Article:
IMF: Executive Board concludes Article IV consultation with Hungary, considers staff appraisal
External debt declined substantially over the past few years and so did public debt, albeit at a much slower pace.
Hungary has achieved several years of strong growth. This expansion has been largely supported by accelerated absorption of EU funds and strong disposable income.
External debt declined substantially over the past few years and so did public debt, albeit at a much slower pace. The increase in domestic demand has been reflected in a moderation in the external current account surplus from its 2016 record level, and the exchange rate has recently depreciated.
Unemployment remains on a decreasing trend and labour shortages are intensifying despite the improvement in participation rates.
The 2017 general government fiscal deficit narrowed to 2 percent of GDP, compared to the budgeted 2.4 percent. This outcome was mostly driven by strong GDP growth and reduced interest payments.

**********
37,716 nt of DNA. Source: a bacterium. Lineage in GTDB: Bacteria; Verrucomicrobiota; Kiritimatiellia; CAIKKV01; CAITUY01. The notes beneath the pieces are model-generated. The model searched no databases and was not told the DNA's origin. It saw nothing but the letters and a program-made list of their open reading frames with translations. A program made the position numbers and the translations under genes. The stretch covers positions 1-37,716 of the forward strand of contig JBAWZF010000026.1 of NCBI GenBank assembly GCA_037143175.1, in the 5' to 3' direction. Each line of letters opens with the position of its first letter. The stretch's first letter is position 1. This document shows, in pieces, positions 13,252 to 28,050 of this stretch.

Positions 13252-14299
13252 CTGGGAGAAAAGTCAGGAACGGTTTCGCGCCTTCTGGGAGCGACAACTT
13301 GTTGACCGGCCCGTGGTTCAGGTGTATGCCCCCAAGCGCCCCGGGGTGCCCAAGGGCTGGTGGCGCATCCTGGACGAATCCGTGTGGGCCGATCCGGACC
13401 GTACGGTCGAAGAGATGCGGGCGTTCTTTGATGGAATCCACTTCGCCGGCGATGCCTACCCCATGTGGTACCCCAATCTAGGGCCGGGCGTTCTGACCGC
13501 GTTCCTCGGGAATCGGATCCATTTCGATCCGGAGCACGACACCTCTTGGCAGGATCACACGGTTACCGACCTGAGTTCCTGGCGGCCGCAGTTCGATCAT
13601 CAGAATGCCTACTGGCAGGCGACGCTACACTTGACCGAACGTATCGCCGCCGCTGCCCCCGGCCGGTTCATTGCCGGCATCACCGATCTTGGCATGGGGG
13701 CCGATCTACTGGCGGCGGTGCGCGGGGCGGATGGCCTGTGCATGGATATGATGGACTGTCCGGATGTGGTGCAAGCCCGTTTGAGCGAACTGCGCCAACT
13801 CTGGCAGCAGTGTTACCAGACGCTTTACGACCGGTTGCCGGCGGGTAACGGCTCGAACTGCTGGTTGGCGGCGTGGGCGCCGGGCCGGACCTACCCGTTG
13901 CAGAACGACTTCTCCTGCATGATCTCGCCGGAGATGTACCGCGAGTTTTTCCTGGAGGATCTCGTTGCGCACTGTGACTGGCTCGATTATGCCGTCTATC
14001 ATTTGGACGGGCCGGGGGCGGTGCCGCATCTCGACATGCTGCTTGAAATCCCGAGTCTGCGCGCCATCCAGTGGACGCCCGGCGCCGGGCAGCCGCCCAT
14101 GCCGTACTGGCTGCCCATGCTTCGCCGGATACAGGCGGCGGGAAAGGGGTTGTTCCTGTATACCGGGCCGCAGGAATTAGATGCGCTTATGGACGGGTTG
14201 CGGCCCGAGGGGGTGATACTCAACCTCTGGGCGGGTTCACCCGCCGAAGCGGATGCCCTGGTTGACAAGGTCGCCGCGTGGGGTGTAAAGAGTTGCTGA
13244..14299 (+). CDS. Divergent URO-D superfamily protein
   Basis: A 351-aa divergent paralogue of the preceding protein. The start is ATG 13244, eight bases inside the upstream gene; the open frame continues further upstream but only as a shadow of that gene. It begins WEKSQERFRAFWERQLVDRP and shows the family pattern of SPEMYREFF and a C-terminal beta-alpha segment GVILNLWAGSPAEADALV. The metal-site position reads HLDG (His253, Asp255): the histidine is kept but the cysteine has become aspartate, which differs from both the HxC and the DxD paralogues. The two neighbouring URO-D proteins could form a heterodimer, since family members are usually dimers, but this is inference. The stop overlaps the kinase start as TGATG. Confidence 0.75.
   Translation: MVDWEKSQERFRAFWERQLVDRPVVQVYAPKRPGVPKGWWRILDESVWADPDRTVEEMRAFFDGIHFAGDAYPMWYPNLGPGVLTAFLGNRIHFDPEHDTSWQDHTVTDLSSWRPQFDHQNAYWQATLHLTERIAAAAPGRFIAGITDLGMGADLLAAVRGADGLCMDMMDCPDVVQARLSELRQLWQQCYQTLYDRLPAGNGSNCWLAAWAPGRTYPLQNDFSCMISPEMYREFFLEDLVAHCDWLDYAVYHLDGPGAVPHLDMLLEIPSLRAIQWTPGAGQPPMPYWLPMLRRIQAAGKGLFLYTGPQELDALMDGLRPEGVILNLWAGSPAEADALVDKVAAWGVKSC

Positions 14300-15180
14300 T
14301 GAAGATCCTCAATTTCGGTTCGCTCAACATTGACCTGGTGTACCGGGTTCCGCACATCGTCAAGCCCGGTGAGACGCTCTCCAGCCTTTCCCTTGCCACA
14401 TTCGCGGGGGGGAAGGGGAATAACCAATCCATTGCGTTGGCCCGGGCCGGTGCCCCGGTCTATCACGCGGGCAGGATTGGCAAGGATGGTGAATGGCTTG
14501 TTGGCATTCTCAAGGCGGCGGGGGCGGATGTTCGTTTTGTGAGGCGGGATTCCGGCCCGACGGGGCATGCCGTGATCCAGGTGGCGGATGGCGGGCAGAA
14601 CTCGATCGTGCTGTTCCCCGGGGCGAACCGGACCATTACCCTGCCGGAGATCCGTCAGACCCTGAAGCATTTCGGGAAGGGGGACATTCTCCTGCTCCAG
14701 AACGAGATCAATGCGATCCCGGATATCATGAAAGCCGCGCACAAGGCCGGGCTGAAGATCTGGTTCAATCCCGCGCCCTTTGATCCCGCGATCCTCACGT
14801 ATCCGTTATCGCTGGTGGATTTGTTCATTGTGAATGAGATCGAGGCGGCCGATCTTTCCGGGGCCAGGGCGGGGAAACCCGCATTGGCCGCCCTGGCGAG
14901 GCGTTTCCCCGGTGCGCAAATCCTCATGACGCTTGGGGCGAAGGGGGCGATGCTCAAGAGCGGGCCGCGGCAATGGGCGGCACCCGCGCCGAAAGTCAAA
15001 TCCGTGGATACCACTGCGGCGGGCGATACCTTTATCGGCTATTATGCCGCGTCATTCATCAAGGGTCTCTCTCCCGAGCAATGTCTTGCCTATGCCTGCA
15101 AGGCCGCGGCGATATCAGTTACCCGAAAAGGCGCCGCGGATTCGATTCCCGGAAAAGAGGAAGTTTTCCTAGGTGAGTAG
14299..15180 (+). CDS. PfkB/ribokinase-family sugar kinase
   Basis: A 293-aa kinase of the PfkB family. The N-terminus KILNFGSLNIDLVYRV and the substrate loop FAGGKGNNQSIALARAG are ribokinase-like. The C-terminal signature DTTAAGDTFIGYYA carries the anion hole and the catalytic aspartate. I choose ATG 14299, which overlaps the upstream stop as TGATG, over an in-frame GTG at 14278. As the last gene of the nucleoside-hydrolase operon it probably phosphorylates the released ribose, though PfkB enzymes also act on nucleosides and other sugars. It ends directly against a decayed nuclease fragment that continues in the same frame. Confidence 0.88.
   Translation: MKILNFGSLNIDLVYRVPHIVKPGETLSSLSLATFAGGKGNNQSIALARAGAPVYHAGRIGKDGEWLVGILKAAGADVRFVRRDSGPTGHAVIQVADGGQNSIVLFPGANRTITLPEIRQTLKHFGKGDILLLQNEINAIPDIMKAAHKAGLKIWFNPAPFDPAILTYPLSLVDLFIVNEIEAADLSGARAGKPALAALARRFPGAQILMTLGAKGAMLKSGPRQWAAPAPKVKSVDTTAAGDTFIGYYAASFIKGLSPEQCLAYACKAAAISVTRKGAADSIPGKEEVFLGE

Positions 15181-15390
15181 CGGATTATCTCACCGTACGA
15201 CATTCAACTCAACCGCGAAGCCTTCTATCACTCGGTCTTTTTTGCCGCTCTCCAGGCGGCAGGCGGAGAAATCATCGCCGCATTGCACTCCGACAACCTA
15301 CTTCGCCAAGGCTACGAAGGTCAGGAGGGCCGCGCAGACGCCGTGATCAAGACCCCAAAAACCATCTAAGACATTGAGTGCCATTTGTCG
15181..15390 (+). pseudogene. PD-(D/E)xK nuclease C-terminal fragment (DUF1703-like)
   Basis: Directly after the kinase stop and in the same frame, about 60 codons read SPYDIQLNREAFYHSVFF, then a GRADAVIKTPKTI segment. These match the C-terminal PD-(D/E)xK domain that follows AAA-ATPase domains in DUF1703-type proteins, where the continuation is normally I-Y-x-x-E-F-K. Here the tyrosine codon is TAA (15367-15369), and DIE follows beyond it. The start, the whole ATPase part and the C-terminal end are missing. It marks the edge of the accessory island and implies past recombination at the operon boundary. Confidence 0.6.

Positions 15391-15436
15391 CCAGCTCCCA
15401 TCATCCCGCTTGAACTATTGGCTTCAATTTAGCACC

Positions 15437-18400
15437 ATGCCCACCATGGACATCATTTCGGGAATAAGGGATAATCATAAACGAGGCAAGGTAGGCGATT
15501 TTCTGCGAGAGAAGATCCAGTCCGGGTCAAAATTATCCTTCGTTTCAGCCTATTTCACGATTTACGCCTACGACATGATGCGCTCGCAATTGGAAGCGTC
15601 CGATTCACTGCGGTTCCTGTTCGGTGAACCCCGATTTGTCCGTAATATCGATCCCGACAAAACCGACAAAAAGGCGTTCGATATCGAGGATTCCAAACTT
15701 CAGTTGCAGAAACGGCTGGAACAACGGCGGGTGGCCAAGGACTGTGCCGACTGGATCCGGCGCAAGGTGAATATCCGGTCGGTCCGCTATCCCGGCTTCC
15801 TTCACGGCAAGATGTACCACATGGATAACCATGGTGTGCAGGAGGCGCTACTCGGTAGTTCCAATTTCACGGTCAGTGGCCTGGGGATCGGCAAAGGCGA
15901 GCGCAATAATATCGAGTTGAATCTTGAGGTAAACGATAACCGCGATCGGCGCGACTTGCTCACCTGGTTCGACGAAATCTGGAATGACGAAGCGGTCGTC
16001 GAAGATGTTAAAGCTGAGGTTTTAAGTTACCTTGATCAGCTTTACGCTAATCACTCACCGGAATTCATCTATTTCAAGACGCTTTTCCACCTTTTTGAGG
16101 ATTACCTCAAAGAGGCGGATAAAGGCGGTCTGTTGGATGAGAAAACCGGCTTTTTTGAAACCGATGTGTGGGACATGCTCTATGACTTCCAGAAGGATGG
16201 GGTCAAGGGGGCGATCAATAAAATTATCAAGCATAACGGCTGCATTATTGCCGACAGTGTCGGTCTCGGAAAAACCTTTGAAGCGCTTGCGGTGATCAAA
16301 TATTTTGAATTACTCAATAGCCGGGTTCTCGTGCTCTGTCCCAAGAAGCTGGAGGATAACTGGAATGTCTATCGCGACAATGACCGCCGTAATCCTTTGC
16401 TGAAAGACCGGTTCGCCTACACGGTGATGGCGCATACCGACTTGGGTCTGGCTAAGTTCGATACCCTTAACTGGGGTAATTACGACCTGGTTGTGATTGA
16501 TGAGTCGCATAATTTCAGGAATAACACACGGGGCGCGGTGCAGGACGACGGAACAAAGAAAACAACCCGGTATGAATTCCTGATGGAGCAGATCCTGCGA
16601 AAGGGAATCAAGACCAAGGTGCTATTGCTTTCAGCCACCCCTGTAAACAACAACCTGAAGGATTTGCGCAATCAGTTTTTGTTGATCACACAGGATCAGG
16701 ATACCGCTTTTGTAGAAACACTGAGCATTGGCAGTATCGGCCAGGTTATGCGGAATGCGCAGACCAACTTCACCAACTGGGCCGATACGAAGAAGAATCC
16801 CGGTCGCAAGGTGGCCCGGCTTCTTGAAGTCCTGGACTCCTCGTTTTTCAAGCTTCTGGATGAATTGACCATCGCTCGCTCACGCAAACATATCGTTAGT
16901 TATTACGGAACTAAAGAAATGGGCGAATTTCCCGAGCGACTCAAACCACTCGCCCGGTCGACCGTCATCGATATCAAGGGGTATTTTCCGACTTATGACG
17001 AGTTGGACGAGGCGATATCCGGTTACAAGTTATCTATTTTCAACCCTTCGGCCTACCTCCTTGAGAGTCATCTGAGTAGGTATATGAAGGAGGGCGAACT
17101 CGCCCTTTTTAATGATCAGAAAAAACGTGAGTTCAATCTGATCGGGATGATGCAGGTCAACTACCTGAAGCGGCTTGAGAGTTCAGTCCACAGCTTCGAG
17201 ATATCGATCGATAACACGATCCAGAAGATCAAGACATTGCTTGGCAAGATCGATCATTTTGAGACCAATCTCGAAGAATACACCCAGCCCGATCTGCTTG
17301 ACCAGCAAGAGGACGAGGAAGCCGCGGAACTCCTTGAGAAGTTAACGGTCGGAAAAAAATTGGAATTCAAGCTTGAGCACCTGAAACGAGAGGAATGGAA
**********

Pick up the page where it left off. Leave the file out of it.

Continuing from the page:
The structural primary balance, on the other hand, deteriorated by about 1.2 percent of potential GDP. Staff projects the 2018 overall fiscal deficit at about 2.4 percent of GDP, in line with the budget’s target. In view of the strong cyclical position, the structural primary balance is expected to deteriorate by close to one percent of potential GDP.
The Magyar Nemzeti Bank (MNB) further relaxed its monetary stance during 2017 and in early 2018, mostly with the help of an unconventional tool..
Imported inflation has been low and large wage increases have thus far been mitigated by lowering social security contributions. The MNB intends to let the Market-Based Lending Scheme expire by end-2018, as originally scheduled.
GDP growth is expected to be around 4 percent in 2018, similar to last year. In 2019, growth will start to decelerate, as the absorption of EU funds tapers off and capacity constraints tighten further, while inflation is projected to slightly exceed the MNB’s 3 percent inflation target.
Improving productivity through structural reforms is key to achieving convergence and higher living standards. Hungary has achieved several years of strong growth and substantially reduced its external debt.